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COVID-19 cases increase for second week in a row

CHARLESTON – Irresponsible college students and outbreaks in churches, nursing homes, and correctional facilities are just some of the causes in a two-week spike in COVID-19 cases according to state officials.

“I’ve said this over and over: this disease and this killer is still right with us,” Gov. Jim Justice said Tuesday during a coronavirus briefing at the State Capitol Building. “We do not have a vaccine right yet, and nobody knows for sure when we’ll have it … we have to find a way the best we can to manage risk and go about our lives.”

According to the Department of Health and Human Resources, the number of positive cases over the last 14 days between Aug. 25 and Sept. 7 was 2,242, which is a 43 percent increase in positive cases from the previous 14 days.

As of Tuesday — the most recent data available — the state reported 77 new cases. The total numbers of test results over the last 14 days was 58,714, which was a 20 percent decrease in testing compared testing conducted between Aug. 11 through Aug. 24.

Active COVID-19 cases –the number of infected people in self-quarantine or hospitalized — was 2,784 cases as of Tuesday — a 30-percent increase from 2,147 active cases seven days ago. Active cases have increased in 30 out of 55 counties, while cases in 22 counties have decreased and two counties have seen no changes in case numbers. Only three counties have no positive coronavirus cases.

“We have got to know there will be some level of outbreaks and we’re going to have to address that,” Justice said. “For the betterment of all of those in the county, please … wear your masks.”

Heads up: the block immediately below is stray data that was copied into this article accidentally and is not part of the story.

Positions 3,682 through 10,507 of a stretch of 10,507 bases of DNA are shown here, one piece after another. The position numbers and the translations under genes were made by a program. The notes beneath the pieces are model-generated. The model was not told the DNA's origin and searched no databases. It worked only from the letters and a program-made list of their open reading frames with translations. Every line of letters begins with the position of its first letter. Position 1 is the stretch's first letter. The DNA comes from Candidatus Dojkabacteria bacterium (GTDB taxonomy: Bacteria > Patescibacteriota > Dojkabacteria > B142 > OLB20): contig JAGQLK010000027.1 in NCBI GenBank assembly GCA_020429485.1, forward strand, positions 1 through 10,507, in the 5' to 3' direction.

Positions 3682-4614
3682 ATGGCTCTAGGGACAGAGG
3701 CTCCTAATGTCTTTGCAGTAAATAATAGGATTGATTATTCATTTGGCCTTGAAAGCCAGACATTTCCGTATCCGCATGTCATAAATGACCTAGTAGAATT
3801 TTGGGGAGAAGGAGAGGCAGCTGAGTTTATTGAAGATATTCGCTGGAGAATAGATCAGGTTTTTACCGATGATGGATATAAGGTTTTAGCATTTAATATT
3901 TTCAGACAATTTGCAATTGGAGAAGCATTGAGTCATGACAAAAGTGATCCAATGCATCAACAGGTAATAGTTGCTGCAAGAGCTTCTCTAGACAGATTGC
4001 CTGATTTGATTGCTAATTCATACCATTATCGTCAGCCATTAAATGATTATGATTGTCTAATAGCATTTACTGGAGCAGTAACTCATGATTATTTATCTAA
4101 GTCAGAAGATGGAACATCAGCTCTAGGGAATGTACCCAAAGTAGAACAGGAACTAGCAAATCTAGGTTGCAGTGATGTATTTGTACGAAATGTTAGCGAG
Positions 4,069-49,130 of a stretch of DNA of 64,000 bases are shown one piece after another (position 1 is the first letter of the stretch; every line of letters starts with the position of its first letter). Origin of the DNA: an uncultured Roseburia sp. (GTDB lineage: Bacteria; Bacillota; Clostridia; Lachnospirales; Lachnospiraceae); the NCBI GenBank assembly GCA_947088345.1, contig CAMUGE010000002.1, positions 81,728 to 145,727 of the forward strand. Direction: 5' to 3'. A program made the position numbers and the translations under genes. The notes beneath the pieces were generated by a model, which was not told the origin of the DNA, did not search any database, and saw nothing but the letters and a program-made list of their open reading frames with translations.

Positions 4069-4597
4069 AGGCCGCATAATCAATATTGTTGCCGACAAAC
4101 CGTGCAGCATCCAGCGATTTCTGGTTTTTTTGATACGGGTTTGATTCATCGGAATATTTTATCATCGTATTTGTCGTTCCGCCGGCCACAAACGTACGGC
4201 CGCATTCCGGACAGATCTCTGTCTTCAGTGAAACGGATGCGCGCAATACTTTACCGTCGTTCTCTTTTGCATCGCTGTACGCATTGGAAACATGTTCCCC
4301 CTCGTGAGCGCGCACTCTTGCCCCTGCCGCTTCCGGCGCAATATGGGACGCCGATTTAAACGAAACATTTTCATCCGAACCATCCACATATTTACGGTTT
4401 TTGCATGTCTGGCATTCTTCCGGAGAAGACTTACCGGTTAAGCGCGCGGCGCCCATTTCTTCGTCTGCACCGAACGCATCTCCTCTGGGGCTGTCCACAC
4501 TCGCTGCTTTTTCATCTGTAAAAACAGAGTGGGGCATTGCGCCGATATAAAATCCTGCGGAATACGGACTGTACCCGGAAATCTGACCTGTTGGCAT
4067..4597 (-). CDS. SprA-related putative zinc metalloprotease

Justice said there are no new inmate cases over the weekend, but Mount Olive Correctional Center has 134 cases and four cases in the state’s regional jails. There are 34 outbreaks in long-term care facilities, five church-based outbreaks, and 11 outbreaks among staff at schools. At West Virginia University, most undergraduate courses have switched to all virtual over the next two weeks at the Morgantown campus, where 377 students have tested positive since July.

West Virginia’s Rt number — the rate that shows how quickly the virus is spreading in the community — was 1.29 as of Tuesday, peaking at 1.32 on Monday. West Virginia has seen its Rt number increase from the fourth best rate in the country two weeks ago to the worst rate in the nation.

“We’ve had the highest rate in the nation over the last three or four days, which is consistent with what we’ve seen as far as the new cases per day sort of picking up for us,” said Dr. Clay Marsh, the state coronavirus czar. It is really important to not only remember to wear your mask and physically distance, but also to avoid the three C’s: avoid crowds, avoid crowded indoor spaces, and avoid close constant contact with people you don’t live with.”

The state reported 250 total COVID-19 deaths as of Tuesday. Deaths are up by 79 percent over a 14-day period, with 68 deaths reported by DHHR between Aug. 25 and Sept. 7. In the last seven days, the state saw 28 deaths attributed to the coronavirus, a 20 percent decrease from the previous week.

Hospitalizations are at to 152 as of Monday. The average number of hospitalizations between Aug. 25 and Sept. 7 increased by 7 percent over the average number of hospitalizations the previous 14 days. Friday saw a record for hospitalizations at 154. There are 57 infected people in intensive care units and 26 people on ventilators.

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